I got a late start writing fiction.
It’s something I always wanted to do, at least going back to when I was nine or ten. That summer, I got it in my head to write a story, a Friday the 13th-style slasher story about a maniac named Clay who killed off summer campers (modeled on kids I knew from Roper Day Camp in suburban Detroit) until meeting his own violent end, which I think was electrocution-based.
I had fun writing it, but writing fiction didn’t stick then. I put it aside until I was in high school, working in a library and reading books like Less Than Zero by Bret Easton Ellis and Skeleton Crew by Stephen King (whose short fiction has always, in my opinion, surpassed his novels) and, of course, Catcher in the Rye. These books inspired me to try again; I can do this too, I thought.
So I wrote. I wrote through my senior year of high school, my college years, my first couple years in the Coast Guard (that’s when I also started trying to write screenplays, having seen Reservoir Dogs and Glengarry Glen Ross just before I graduated college). What I didn’t do is take a single creative writing class. I don’t say that to brag, because I still don’t know if that was the right decision or not. Looking back, I think a class might have helped, but at the time I didn’t think writing was a talent you could develop in a classroom setting. I am pretty sure I was wrong about that, honestly.
The thing is, I hated everything I wrote. Everything. What seemed brilliant in the moment read like pretentious auto-fellation the next day. Every line of fiction I wrote ended up mortifying me.
But I good enough at writing to write other things. Ad copy. Record reviews. Software manuals. Magazine articles. Scripts. A three-hundred-page dissertation on land use policy in environmentally-sensitive landscapes (yeah, don’t bother with that one). Everything but fiction.
I had no style. And I had no idea how to develop any style. I began to accept that I would never write novels or publish short story collections.
But it was more than that, though, and when I was in a particularly reflective mood I could articulate the real reason I wasn’t writing fiction: I didn’t have anything worth saying.
I’ve always viewed successful fiction, the best fiction, the kind of fiction that endures, as having the ability to show us truths about ourselves and the world around us that we wouldn’t otherwise see. And certainly I had stories I could tell, life experiences that lent themselves to narrative. I’m doing that right now, in fact, with my second novel, which is based on my experiences in the US Coast Guard in the mid-1990s. I recognized a long time ago that I had the makings for a novel in my experiences during those four years of my life. But I had no idea what any of it meant, or more to the point, what any of it could or should or would mean to anyone else.
I’ve been carrying those experiences around with me for more than twenty years now; it took me most of that time to really understand what they meant, what they revealed to me about the world, about other people, about myself. And it took me even longer to decide that I was able to express that understanding through fiction, through stories, through my own creative process. Hell, I didn’t get there until after I turned 40.
So I started to read writing books, on technique, approach, mindset, whatever. Most of them didn’t help. Then finally, one of them did: David Morrell’s The Successful Novelist. I focused on a few specific technical suggestions and applied them to the first eight pages of an idea I’d had in my head for a few years. Then I put those pages in a drawer and forgot about them for a few more years. Then I found them, discovered to my surprise that they weren’t so bad, and decided to finish the book, even though I didn’t know how it was going to end. The result was How I’m Spending My Afterlife, which took me two years and change to write and which will finally see the light of day in October.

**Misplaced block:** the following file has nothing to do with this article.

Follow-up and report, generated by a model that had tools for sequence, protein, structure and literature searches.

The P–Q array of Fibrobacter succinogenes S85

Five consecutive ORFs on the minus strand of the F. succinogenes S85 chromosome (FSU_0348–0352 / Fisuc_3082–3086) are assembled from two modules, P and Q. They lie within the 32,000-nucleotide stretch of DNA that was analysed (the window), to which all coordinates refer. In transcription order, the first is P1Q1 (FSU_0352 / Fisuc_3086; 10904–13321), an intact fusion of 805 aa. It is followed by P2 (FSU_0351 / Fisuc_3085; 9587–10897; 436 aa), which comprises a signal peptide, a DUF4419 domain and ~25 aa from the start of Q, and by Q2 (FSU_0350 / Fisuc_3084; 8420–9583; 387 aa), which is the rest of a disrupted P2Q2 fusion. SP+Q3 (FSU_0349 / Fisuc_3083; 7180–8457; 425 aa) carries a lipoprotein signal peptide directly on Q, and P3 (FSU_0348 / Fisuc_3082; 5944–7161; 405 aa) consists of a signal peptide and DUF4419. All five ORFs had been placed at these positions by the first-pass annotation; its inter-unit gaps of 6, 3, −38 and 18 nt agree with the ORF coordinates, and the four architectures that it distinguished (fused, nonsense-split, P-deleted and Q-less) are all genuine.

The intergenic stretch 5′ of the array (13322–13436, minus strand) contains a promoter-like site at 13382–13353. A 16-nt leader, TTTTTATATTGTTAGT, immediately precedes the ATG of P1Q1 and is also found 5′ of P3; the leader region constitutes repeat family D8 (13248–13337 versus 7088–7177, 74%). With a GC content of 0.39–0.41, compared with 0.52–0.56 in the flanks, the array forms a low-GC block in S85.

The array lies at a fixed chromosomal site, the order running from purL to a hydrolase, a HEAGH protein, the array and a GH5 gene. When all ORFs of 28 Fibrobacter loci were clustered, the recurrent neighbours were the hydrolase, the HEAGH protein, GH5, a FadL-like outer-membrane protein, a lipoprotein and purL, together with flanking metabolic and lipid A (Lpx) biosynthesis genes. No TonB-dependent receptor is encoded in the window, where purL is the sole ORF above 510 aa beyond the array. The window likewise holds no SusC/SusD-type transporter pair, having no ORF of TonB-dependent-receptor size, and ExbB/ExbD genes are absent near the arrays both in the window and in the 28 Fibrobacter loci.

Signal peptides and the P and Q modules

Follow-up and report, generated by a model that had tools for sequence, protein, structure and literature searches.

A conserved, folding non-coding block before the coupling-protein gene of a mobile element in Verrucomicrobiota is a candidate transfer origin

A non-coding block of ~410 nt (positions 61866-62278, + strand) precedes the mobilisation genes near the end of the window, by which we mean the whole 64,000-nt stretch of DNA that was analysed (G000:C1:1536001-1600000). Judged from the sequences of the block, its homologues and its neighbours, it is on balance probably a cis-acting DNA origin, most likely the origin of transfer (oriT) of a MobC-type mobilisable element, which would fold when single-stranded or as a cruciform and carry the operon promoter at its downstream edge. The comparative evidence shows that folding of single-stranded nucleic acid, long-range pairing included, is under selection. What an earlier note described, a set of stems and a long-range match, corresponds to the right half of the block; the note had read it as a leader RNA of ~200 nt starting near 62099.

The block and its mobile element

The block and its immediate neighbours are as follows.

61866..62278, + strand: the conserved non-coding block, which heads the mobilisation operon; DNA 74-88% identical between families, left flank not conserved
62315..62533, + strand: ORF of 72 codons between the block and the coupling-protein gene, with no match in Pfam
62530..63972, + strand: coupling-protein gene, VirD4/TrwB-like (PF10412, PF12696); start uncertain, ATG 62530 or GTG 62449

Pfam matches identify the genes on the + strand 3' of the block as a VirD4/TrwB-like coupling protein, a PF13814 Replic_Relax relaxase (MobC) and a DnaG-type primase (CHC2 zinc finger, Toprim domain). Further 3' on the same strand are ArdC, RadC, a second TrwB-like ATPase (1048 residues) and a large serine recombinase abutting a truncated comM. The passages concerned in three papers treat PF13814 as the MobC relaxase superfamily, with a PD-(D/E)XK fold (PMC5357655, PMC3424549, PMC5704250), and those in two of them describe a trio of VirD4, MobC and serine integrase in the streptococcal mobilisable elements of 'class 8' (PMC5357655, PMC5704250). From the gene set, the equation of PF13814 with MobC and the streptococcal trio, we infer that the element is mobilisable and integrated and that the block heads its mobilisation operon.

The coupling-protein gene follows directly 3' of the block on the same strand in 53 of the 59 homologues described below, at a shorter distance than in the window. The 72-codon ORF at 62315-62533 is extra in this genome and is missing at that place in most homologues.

Understand that I’m not hoping to justify my late start in this post. For one thing, I don’t need anyone’s permission for or approval of the path my life has taken to this point. But more important, I don’t think that starting late requires justification.
I’ve heard it said that you shouldn’t try to measure your own progress in life against anyone else’s. That’s certainly sound advice but is also nearly impossible to put into practice. It’s just human nature to look at someone else, someone who has achieved the success and status that you crave for yourself, and wonder what the hell is wrong with you that you’re lagging so far behind.
A lot of writers who have a career trajectory I hope to achieve are younger than me, sometimes a lot younger. It’s dispiriting sometimes. I sometimes feel like I could have already made it big by now, or at least respectably, if only I’d started sooner.
But would I have? If I wasn’t ready to write, I wasn’t ready to write. Yes, starting late was almost certainly a disadvantage from the perspective of building a real career out of writing fiction, assuming that’s even possible to do anymore. But it just as easily may have been the only way for me to do this at all. If I’d started too soon, before I was confident that I had anything to say, what would that have looked like? I mean, I remember some of the novels I planned to write, back when I was in college and before I knew the first goddamn thing about anything. They were formless, plot-driven, thinly-conceived. If I’d written those under my own name, I’d be calling myself Steve Bennett by now.
I think I did myself a big favor, honestly. I may have lost 20 years of back catalog, but I think the odds are good that I’m much more likely to remain proud of my work for years to come.